Murcia Cathedral: A Baroque Masterpiece

murcia cathedral

Mar 15, 2019 Sin comentarios

It took 400-years, stretching between the 14th to 18th centuries, to finally complete this intricate, imposing edifice. Gazing up at the magnificent Baroque architecture as you approach the Murcia Cathedral, you can understand why it is the biggest visitor attraction in the city. Also known as the Cathedral of St. Mary, the building is far more than just a shell. Behind the external façade, other grandiose architectural styles have been used over the years, to complete this spectacular structure.

The beginning of a masterpiece

The original exterior of the Murcia Cathedral was rebuilt between 1394 and 1465, on the site of what was originally a mosque. As the years went by, parts of the building were refurbished, and extras such as the bell tower, the Vélez Chapel, and Junterón Chapel were added. Although the interior is primarily Gothic, the cathedral also contains sections of Neoclassical and Renaissance architecture.

Situated in the Cardenal Belluga Square, everything about the building, inside and out, is awe-inspiring. The magnificent bell-tower, which replaced the mosque’s minaret, stands over 90 metres high, and can be seen from across the city. Its 24 bells are each individually named, and peel out daily to call the Catholic faithful to prayer. Inside the cathedral, the various architectural styles are more easily identified. Enjoy a tour of its three naves, its twenty-three chapels and mosaic flooring. Stroll through the cloisters, take in the Junterones Chapel, and visit the cathedral museum, its works of art, and a section of the foundations of the original mosque.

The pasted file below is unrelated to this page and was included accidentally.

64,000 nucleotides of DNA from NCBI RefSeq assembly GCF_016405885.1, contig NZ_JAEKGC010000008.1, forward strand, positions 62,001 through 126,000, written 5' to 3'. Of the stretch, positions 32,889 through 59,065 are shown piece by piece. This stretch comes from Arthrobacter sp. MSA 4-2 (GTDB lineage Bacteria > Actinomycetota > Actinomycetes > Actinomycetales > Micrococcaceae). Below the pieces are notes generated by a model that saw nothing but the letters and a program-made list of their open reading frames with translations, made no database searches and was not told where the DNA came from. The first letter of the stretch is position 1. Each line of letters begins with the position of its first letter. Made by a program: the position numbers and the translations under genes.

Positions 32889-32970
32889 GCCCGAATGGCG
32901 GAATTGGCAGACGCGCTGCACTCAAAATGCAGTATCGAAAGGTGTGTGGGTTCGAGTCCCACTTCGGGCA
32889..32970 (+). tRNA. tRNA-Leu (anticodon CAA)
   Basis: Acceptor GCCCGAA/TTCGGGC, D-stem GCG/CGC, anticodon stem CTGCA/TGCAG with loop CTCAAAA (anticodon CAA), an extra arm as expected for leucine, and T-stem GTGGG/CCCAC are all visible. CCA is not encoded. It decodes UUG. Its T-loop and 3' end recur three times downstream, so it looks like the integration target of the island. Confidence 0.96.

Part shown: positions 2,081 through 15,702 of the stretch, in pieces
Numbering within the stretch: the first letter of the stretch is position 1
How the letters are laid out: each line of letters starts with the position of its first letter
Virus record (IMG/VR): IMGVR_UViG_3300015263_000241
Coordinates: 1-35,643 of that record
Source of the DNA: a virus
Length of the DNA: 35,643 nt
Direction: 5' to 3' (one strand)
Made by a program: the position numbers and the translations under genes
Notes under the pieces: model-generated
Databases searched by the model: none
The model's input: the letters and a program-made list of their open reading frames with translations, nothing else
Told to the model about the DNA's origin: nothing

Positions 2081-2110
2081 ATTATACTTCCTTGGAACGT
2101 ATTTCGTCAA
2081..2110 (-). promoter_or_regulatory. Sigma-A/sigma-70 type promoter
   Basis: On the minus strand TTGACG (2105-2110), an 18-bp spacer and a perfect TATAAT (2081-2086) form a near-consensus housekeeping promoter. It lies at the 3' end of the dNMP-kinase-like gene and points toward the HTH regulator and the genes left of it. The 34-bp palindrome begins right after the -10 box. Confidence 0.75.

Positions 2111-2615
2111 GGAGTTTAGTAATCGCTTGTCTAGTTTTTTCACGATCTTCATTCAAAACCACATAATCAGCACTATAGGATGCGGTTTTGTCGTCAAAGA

More than just a monument

Murcia Cathedral is far more than just a place of worship. Spain is well-known for its large number of national and local religious holidays, and Murcia and its cathedral play their part in the celebrations. The cathedral is bathed with a magnificent light extravaganza during Christmas week. Processions and festivals are held throughout the year, and music and concerts fill the cathedral’s square with sound during the summer months, promoting the area as a main hub for Murcia’s religious and social calendar.

On your next visit to Murcia city take time out and head to Cardenal Belluga Square. The cathedral’s doors are open during the morning, again during early evening, and on Sunday morning. Take your time, view the cathedral from all it’s different approaches, and don’t forget to climb the bell-tower to enjoy the spectacular views across the city.